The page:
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Alcohol. 2012 Jun;46(4):359-70. doi: 10.1016/j.alcohol.2011.10.006. Epub 2012 Mar 27.

Targeting dynorphin/kappa opioid receptor systems to treat alcohol abuse and dependence.

Author information

1
Laboratory of Alcoholism and Addictions Neuroscience, Department of Psychology and Graduate Program in Neuroscience, Alcohol and Drug Abuse Research Program, Translational Addiction Research Center, Washington State University, Pullman, WA 99164, USA. b_walker@wsu.edu

Abstract

This review represents the focus of a symposium that was presented at the "Alcoholism and Stress: A Framework for Future Treatment Strategies" conference in Volterra, Italy on May 3-6, 2011 and organized/chaired by Dr. Brendan M. Walker. The primary goal of the symposium was to evaluate and disseminate contemporary findings regarding the emerging role of kappa-opioid receptors (KORs) and their endogenous ligands dynorphins (DYNs) in the regulation of escalated alcohol consumption, negative affect and cognitive dysfunction associated with alcohol dependence, as well as DYN/KOR mediation of the effects of chronic stress on alcohol reward and seeking behaviors. Dr. Glenn Valdez described a role for KORs in the anxiogenic effects of alcohol withdrawal. Dr. Jay McLaughlin focused on the role of KORs in repeated stress-induced potentiation of alcohol reward and increased alcohol consumption. Dr. Brendan Walker presented data characterizing the effects of KOR antagonism within the extended amygdala on withdrawal-induced escalation of alcohol self-administration in dependent animals. Dr. Georgy Bakalkin concluded with data indicative of altered DYNs and KORs in the prefrontal cortex of alcohol dependent humans that could underlie diminished cognitive performance. Collectively, the data presented within this symposium identified the multifaceted contribution of KORs to the characteristics of acute and chronic alcohol-induced behavioral dysregulation and provided a foundation for the development of pharmacotherapeutic strategies to treat certain aspects of alcohol use disorders.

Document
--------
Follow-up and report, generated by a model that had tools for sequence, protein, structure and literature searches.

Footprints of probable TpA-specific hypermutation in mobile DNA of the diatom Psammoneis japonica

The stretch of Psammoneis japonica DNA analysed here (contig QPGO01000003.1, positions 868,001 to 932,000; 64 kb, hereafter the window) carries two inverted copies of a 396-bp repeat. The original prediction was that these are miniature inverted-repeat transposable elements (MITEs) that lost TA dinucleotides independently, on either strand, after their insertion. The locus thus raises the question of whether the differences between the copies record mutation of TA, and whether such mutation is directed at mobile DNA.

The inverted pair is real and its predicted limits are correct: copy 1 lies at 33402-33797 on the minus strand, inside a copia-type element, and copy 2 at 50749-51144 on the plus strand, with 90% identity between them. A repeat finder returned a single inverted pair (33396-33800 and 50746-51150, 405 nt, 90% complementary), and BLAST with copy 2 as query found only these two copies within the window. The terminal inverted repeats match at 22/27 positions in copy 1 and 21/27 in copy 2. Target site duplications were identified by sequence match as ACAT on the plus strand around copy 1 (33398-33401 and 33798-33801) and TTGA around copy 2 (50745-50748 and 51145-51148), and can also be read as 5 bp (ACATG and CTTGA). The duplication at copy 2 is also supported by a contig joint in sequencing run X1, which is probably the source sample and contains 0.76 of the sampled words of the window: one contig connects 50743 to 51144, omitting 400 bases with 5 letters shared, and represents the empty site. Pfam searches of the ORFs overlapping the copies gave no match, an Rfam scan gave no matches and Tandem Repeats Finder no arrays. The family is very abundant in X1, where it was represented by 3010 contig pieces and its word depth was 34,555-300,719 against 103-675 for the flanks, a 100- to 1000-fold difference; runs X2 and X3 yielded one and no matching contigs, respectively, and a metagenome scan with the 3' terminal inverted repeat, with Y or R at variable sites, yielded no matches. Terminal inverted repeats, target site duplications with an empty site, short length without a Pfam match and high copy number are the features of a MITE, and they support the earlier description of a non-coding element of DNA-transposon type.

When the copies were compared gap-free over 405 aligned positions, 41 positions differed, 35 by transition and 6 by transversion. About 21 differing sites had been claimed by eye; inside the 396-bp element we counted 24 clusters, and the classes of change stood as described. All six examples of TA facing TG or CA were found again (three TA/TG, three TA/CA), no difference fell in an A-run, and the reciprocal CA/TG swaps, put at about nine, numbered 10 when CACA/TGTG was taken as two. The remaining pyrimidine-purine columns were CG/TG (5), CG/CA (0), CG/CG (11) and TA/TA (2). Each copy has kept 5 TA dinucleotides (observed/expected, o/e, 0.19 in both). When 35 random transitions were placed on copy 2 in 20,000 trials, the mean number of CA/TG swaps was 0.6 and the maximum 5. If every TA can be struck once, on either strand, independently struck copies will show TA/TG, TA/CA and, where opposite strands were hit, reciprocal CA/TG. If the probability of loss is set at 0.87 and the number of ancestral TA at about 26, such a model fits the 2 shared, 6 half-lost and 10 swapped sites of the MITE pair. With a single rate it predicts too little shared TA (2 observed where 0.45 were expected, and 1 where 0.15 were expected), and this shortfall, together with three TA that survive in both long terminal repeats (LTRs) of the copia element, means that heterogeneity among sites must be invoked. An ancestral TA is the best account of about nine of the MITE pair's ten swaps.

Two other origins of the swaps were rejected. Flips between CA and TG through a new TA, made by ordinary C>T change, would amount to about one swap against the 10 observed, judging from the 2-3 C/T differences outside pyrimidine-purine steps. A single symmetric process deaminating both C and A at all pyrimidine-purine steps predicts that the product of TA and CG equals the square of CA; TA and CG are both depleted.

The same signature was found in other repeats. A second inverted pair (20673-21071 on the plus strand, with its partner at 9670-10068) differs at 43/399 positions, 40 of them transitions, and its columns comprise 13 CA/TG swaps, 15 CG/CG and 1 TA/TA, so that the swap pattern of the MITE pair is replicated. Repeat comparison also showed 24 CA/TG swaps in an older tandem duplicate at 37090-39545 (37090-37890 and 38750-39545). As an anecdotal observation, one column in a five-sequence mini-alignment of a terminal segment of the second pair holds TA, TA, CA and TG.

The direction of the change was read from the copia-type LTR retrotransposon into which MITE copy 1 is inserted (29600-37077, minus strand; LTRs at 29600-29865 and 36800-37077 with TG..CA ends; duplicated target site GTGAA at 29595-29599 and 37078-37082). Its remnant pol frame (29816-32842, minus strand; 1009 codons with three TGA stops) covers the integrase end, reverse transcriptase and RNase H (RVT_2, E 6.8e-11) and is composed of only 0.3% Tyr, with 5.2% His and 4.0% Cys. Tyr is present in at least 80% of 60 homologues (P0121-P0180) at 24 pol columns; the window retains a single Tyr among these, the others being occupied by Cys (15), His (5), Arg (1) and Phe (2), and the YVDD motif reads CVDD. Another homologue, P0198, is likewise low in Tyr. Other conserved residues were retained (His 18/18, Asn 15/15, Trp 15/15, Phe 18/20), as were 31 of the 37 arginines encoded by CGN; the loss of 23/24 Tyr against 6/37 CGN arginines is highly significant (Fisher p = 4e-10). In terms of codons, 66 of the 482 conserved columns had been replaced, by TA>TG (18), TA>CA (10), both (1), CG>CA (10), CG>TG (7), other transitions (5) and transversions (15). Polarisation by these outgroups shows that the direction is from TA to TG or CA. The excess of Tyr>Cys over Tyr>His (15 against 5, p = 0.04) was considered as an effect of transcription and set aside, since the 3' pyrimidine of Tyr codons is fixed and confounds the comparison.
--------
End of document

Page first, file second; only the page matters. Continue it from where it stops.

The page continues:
PMID:
22459870
PMCID:
PMC3396024
DOI:
10.1016/j.alcohol.2011.10.006
[Indexed for MEDLINE]
Free PMC Article

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